Got an inverter overload?
It can easily happen.
You’re not alone if your inverter is overloaded, many people have this issue.
The good news is that the problem is easy to find. In fact, it is usually one of three specific reasons.
As long as you identify the issue and take the correct action there will be no damage to your equipment or appliances.
Modern inverters are designed to quickly shut down when they sense an overload. So don’t worry if your inverter has stopped working, this is because it is protecting its self.
Let’s go through the reasons you could be suffering from an overloaded inverter.
In This Article
3 Reasons for Inverter Overload
An overloaded inverter usually occurs for one of the following reasons.
Drawing More Than Continuous Power
This is the most common problem when it comes to overloading an inverter.
You are simply trying to draw more power than the inverter can handle, you are exceeding its capacity for the continuous power output.
The continuous power output is the number of watts an inverter can deliver over a long period of time. A long period of time can be a matter of minutes to hours, it’s the amount of electricity it can continually provide.
When you plug in too many appliances or an appliance that is too powerful then this will cause inverter overload.
You can find the continuous power rating of your inverter by checking its size. The size of an inverter is usually referred to by its wattage such as 500 watts, 1000 watts, 2000 watts, etc. The continuous wattage of an inverter should be clearly marked on the device plus in the user manual.
To avoid overloading an inverter you should check how many watts your appliance(s) uses and make sure it doesn’t exceed the inverter capacity.
Run Over Peak Power
The second important thing to consider is peak power.
Peak power is a surge in wattage that an inverter can produce, but it only lasts for a few seconds. Peak wattage is usually double the continuous wattage output. For example, a 1000W inverter will be able to deliver 2000W for a maximum of 5 to 10 seconds.
It helps to cope with spikes in power that happen when you switch on appliances. This spike only occurs for a second or two before the power drops to a more stable level.
When you draw power that is more than the peak power, even if only for a short moment, your inverter will instantly be overloaded.
To avoid this happening you should not try to run anything that draws a spike in power more than your peak power rating.
Input Voltage Too High
If your appliances are not the problem in drawing too much power then a high input voltage can also overload your inverter.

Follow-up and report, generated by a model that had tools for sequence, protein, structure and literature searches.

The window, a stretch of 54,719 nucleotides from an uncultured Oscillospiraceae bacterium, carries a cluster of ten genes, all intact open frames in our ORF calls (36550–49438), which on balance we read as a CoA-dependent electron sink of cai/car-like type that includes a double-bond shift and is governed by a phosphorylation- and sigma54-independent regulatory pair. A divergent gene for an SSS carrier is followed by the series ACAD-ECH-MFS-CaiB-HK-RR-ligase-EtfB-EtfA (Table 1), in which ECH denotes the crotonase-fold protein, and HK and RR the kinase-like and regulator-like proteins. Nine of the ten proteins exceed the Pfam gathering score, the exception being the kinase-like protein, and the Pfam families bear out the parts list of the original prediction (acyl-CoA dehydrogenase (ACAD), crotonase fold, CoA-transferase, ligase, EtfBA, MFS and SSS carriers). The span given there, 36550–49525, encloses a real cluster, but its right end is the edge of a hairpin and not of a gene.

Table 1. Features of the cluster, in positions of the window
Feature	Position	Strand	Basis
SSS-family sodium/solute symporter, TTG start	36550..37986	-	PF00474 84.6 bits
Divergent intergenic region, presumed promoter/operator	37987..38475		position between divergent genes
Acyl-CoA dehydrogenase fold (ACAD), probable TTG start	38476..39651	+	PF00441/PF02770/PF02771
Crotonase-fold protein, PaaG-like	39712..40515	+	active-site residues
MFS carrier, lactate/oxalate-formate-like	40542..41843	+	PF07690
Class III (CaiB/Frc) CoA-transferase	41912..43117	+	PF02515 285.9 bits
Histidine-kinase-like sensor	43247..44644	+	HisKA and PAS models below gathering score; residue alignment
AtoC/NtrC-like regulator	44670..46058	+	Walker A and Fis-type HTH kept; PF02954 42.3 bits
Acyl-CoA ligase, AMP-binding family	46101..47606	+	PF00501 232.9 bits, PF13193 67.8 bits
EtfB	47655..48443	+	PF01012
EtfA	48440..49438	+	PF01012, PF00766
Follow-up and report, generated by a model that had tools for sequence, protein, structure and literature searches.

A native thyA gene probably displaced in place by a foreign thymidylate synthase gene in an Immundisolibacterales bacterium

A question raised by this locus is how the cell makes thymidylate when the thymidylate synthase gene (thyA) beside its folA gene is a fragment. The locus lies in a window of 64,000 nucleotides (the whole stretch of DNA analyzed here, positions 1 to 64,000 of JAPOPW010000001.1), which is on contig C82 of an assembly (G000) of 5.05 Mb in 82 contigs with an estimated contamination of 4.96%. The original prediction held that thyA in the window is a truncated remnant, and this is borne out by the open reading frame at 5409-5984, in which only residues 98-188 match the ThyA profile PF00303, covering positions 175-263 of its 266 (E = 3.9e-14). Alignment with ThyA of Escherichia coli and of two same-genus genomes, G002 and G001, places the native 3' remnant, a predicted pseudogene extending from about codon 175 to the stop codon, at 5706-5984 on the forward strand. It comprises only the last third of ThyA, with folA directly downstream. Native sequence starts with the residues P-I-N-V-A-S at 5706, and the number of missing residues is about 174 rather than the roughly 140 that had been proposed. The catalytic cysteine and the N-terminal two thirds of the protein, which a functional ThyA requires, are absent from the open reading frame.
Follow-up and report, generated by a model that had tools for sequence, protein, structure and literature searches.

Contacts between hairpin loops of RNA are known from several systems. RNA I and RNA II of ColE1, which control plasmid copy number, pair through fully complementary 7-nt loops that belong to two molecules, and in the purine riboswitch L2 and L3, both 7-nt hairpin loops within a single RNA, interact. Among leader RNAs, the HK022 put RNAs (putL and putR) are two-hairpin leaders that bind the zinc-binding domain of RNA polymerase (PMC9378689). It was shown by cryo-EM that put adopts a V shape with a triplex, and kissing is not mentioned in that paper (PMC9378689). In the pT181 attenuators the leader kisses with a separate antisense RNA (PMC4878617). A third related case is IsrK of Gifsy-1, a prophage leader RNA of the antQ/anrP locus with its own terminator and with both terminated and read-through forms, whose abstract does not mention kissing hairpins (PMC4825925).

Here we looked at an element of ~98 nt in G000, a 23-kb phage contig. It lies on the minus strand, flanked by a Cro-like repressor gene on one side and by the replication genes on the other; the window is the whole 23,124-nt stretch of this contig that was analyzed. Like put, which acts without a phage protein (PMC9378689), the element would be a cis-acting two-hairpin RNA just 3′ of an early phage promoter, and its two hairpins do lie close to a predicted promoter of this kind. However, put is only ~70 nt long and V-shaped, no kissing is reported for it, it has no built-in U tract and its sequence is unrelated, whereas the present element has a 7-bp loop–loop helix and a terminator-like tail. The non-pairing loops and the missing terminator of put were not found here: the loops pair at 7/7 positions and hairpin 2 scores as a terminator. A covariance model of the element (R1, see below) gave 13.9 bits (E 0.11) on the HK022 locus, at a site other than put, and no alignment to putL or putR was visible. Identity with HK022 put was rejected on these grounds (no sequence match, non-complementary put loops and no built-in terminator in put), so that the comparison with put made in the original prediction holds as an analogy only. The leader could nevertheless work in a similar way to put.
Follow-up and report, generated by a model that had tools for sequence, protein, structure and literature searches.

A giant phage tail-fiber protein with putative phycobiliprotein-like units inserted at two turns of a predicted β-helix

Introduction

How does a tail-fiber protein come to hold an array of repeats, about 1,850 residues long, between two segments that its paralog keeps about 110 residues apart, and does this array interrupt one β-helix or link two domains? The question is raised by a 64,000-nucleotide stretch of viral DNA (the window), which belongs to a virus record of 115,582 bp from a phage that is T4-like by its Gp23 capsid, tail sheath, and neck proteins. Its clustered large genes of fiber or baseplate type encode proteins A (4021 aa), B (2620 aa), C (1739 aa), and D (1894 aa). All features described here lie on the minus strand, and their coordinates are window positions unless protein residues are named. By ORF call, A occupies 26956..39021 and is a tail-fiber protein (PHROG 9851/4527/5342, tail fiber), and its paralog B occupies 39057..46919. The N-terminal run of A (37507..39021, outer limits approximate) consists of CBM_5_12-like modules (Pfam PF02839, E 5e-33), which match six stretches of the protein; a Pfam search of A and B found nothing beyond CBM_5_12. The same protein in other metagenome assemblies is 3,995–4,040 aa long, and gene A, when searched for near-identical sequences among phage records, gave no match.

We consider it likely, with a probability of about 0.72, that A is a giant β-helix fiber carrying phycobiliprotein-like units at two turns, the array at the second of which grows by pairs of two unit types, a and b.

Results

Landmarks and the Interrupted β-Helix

This means you are trying to input too much electrical force into your inverter. This will occur if your battery is a higher voltage than your inverter. For example, using a 12V inverter with a 24V battery.
You should always match your inverter and battery voltage. If you don’t you’ll end up with overvoltage or undervoltage.
Why is Inverter Overload Important?
When your inverter stops working because of an overload it can be frustrating.
But it is for your own safety.
If an inverter continues to operate when it becomes overloaded it can create a dangerous fire hazard and damage anything connected to the circuit.
You could end up with a broken inverter, damaged battery, and damaged appliances. Not to mention the fire safety issue.
This is because the aggressive use of power would quickly lead to a heat build-up that your inverter can’t handle. The internal circuits would melt and even catch on fire!
How Do You Know if an Inverter is Overloaded?
It’s very easy to spot an inverter overload.
Usually, the inverter will automatically stop working to protect itself and a red LED light will show. Adding to this, you can spot an inverter overload before it occurs if you notice the cooling system straining.
Final Words on Inverter Overload
That’s it, the main causes of an overloaded power inverter.
The basic reason is that you are trying to draw more electricity to your appliances than your inverter can handle.
If this happens, you need to reduce the load before resetting your inverter.
Hi, I’m Michael, the editor here at Watt A Lot.
After years of experience with off-grid power like solar panels, inverters, and batteries I decided I should share my hands-on knowledge with you. In my professional and personal life, I’ve needed to find electrical solutions for remote situations from owning a food truck, to running events at the top of mountains, to my converted campervan. So whether you’re looking for the best products or fixing an electrical problem, you can rest assured my advice comes from real hands-on experience.